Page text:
We live in a digital age. In photography, digitalization has also lead to democratisation. The vast majority of people carry a cell phone camera with them all the time. Every day, millions of photos are made, shared on the internet, displayed on screens and viewed on monitors. We take or make an image, maybe put a filter over it, watch it get likes, and move on to the next one. We consume the works of others, rapidly clicking through profile pictures, photo galleries and news sections. We have become so accustomed to the ubiquity of photographs that we rarely look at them in much detail. We have seen almost everything already, and we can easily be present anywhere via our devices.
Cameraman Anatoly Rudakov has portrayed the world in all its facets for decades. For TV documentaries, he has traveled to remote areas, narrating stories with his recordings. In "Aquamarine", he now breaks with everything that was important in his previous work and creates a new narrative life — which means a reversal of the permanent availability of the flood of digital images, without artificially distancing himself from it.
Rudakov has his photographs interlaced on a framed flat screen in a finely tuned rhythm. "60 pictures in 60 minutes" is reminiscent of a painting, but is not a classical exhibition piece. The video installation takes time for itself. Time that digital art works in particular hardly ever get. In order to understand this video installation, it takes time. They do not spend so much time. And few people frame such video works. The artist brings to the museum what is theoretically found everywhere — but he does this in such an unusual way that it challenges the digital image itself and our perception of the digital image. Rudakov composes unmoving pictures of moving pictures. His fine-tuned photo sequences form a work of art, one which, in the individual details, points to a larger whole. Each image conveys an individual mood for itself. The image change leads through these dense atmospheres like waves, which gently wash a beach in their own rhythm. It is not without reason that Rudakov deals with the topic of water in his work. Water in motion, and in different colors, landscapes, and moods. In rivers, in the sea and in lakes. On the Côte d'Azur, in Moscow as well as in Bavaria. Ultimately, the water in us, human beings. It is nothing less than the foundation of our existence, a notion Rudakov addresses in his work.
Rudakov made the recordings on his journeys over the past five years. He uses a special technique to break with photography as a means of concrete fixation. With the "Intentional Camera Movement" (ICM), Rudakov deliberately refrains from sharp shots, and his movements and the surroundings are transferred to his photographs. They, like their theme, seem to always flow, and remain uncontrollable. Rudakov represents reality as if it were reflected on a surface of water. The viewer lingers before this reflection — the framed blur on the big screen makes invites the viewer to look more closely, to pause and, in turn, to reflect.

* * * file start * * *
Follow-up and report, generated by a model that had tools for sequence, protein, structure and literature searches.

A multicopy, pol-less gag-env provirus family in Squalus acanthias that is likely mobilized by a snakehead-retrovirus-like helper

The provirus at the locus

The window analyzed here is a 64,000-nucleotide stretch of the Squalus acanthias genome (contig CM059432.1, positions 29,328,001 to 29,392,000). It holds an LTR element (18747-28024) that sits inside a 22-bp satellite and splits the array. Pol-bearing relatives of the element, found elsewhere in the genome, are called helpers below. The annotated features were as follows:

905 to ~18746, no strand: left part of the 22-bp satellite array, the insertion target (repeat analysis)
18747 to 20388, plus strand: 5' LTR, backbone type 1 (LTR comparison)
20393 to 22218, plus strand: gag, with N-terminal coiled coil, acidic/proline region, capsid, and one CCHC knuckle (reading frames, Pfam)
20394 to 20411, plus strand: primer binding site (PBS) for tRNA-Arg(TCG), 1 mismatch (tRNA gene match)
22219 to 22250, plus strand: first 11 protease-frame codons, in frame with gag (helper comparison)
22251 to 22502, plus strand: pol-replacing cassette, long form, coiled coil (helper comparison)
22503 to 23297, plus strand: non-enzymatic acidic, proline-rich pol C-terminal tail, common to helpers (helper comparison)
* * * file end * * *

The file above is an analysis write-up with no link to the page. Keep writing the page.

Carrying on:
The artist experimented for over a year on the project, searching for the right way to tie up his images toshow at the same time to separate one image from another. Finally, he had a special computer program written, so that a fascinating effect accompanied the change of the water photographs. In his video collage, one shot triggers the other by flowing from the top of the screen, the colors of the following photo overlapping the previous one, entering into the image and superimposing it abstractly. The transitions between the images are always puzzles. The forms of the new image gradually materialize out of the stream. It is as if the flat screen itself had become wet canvas, as if it might run down and reveal a new work of art.
The aesthetics of Rudakov's digital flood of images becomes more clearly manifested with every new photograph. From the many different viewing angles and moods of the 60 pictures, there arises an intoxicating overall composition. They are lyrical images that make us feel something, rather than simply look at an object on display. They enable us to tell a story together — a story that can only be discovered for ourselves A story that tells of both the individual and of us all.